Jacob, on the other hand, for all his faults, was poor, hungry and resourceful. He was number two son – second string, second banana, second in line - but he was second to none.

Esau was not the only person in the Bible to lose the right to lead the family. Jacob's three oldest sons – Reuben, Simeon and Levi (Gen 49:3-5) – also lost the respect of their father, their reputation within the family and their standing in the nation. Like the three oldest sons of Jacob, Esau lost his birthright because he was an obsessed, a carnal and an ungodly man. His stomach was his god, his mind was on earthly things and his taste was poor.

Esau fell into the entitlement trap. Conditions and duties were alien to him as the firstborn. He thought he was set for life even though he just was older by a few seconds. Like the Chinese say, he thought he could “eat on even if a leg is broken.” The ungodly think they are entitled to spiritual service pensions and benefits from the Heavenly King all their life on earth. Esau lost everything because he did not treasure, keep or realize what he had in the first place.

Jacob, on the flip side, was the underrated 100-pound weakling with insatiable appetite and relentless drive. He was the soul, symbol and stock of an emerging nation. The younger, lesser, and poorer brother did not just grab his opportunity one-time at birth; more importantly, he guarded and multiplied everything he had for the rest of his life.

Count What is Gone from You
34 Then Jacob gave Esau some bread and some lentil stew. He ate and drank, and then got up and left. So Esau despised his birthright. (Gen 25:34).

A very successful businessman had a meeting with his new son-in-law. “I love my daughter, and now I welcome you into the family,” said the man. “To show you how much we care for you, I'm making you a 50-50 partner in my business. All you have to do is go to the factory every day and learn the operations.” The son-in-law interrupted, “I hate factories. I can't stand the noise.”

“I see,” replied the father-in-law. “Well, then you'll work in the office and take charge of some of the operations.” “I hate office work,” said the son-on-law. “I can't stand being stuck behind a desk all day.”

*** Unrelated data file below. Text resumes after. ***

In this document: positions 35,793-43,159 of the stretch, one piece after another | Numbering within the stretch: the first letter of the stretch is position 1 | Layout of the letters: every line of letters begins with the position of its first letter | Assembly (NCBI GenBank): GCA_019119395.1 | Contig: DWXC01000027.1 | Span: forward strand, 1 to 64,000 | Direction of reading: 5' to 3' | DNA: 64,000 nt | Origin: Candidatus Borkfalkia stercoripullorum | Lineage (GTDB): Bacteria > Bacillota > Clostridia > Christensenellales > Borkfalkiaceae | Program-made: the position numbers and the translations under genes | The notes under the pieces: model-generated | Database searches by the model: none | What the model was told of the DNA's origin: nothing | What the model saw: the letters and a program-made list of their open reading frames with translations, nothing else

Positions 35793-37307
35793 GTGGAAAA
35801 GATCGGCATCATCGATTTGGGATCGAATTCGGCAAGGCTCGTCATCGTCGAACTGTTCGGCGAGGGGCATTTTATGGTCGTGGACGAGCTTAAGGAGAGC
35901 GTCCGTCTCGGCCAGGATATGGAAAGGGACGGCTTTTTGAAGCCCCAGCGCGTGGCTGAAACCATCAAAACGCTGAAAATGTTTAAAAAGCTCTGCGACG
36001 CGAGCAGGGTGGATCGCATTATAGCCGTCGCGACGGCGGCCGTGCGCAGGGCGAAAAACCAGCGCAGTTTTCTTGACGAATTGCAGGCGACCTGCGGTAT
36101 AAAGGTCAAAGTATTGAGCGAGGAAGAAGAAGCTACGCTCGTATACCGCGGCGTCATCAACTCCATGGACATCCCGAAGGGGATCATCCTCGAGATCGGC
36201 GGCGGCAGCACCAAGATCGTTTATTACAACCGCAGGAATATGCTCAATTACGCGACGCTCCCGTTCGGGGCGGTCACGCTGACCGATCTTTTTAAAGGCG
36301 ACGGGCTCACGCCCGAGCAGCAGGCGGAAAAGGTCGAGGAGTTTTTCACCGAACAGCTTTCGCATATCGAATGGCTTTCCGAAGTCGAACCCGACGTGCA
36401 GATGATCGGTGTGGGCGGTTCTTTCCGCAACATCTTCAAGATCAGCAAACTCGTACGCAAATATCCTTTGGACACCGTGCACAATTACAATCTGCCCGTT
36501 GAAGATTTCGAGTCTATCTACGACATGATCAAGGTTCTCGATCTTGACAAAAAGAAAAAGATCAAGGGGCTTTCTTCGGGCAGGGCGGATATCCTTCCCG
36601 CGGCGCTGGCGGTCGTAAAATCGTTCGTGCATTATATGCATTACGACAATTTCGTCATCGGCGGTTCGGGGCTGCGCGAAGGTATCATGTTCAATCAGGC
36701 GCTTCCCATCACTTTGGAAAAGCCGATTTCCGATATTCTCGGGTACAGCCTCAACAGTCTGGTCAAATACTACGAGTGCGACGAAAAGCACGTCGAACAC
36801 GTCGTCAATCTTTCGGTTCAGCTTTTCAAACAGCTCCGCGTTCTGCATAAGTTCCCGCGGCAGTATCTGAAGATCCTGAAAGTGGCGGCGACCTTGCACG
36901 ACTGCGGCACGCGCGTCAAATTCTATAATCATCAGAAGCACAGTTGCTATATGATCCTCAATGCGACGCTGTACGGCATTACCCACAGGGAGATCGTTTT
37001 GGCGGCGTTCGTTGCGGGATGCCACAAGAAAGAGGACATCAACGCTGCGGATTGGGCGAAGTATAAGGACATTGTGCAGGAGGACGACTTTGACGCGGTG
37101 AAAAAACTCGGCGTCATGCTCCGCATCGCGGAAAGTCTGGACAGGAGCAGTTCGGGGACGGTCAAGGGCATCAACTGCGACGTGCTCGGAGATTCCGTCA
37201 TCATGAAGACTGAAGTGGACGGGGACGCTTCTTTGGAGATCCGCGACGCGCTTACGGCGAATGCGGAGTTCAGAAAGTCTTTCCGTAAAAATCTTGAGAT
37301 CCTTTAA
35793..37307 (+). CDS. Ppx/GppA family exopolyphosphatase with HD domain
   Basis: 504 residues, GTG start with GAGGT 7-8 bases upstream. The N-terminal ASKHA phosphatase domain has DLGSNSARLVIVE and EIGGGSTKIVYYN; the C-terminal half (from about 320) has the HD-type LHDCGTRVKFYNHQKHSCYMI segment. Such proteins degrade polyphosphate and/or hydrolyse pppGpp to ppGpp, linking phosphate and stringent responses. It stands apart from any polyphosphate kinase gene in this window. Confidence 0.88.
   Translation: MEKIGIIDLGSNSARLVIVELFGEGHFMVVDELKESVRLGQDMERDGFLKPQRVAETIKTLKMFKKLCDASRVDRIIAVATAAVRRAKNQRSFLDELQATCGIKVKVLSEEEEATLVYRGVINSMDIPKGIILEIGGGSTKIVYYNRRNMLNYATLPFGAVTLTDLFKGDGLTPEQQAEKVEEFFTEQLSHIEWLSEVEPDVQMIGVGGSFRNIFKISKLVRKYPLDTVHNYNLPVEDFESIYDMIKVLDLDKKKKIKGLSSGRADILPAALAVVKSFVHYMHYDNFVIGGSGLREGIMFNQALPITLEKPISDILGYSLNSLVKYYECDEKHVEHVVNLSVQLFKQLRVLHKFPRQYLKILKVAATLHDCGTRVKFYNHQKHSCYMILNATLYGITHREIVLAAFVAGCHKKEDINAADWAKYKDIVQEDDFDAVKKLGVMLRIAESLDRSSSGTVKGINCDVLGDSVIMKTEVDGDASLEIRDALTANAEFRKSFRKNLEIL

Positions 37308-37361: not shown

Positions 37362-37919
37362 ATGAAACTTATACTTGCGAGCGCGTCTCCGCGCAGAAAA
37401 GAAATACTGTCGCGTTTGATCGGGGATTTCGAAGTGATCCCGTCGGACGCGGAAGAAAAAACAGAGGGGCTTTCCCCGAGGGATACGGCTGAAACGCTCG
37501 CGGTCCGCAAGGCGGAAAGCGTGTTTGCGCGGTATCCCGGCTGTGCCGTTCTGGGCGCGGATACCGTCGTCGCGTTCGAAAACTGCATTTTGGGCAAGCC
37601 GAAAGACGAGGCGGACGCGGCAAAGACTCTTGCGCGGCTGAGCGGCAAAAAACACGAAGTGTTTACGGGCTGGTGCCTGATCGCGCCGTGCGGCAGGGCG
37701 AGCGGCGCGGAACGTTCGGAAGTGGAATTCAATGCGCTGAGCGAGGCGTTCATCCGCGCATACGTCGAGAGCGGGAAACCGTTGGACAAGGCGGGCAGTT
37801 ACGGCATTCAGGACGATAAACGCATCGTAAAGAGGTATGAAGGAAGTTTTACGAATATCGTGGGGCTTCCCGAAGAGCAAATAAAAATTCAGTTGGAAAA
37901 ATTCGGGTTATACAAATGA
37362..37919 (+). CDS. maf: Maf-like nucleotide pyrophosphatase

“Wait a minute,” said the father-in-law. “I just make you half-owner of a moneymaking organization, but you don't like factories and won't work in an office. What am I going to do with you?” “Easy,” said the young man. “Buy me out.”

It’s been said, “There are three kinds of people: those who make things happen, those who watch things happen and those who have no idea what happened.”

The reason for Esau’s rejection was due his passive-aggressive rejection of his birthright. He was an indifferent, ignorant and irreligious man, passive and poor in retaining and nurturing of what he had, but eager and prepared to sell his birthright. He did not blink an eye, sit on it or doubt for a moment his decision.

Esau was ignorant of what he had, what he lost and why. In other words, he did not care one way or another; he just gulped down the food and drink, dust the dirt off his pants and left looking for the next adventure. It was a good deal and a great bargain to him. He must have been amused by the worth of his birthright, the request of his brother and the absurdity of even bargaining.

Jacob, on the other hand, believed, valued and pursued what he did not have, but not what he could not have. Someone suggested that Jacob valued the birthright so highly that he was willing to stoop to the level he did to obtain it.

I believe Esau is the type that would lose what he had to others, sooner or later, fairly or naively, if not to Jacob, then someone else. God had disclosed the flaw and the ruin of Esau to Rebekah: the older will serve the younger (v 23). Note that God did not condemn Esau to his fate; He just unmasked his future. Esau was the No. 1 pick who did not bother to train, listen to instructions or play his part. His life was characterized by excesses, exaggerations and excuses. The writer of Hebrews called Esau a godless man, the type that live and die by the senses (Heb 12:16).

Conclusion: It’s been said, “When a man with money meets a man with experience, the man with the experience ends up with the money and the man with the money ends up with the experience.” (Live and Learn 95). God has given us much, but have you returned as much in terms of your faithfulness, dependability and usefulness to Him? Have you taken for granted God’s gifts to you, His guidance in your life and His grace for your weaknesses? Have you made good choices, demonstrated godly character and genuine commitment?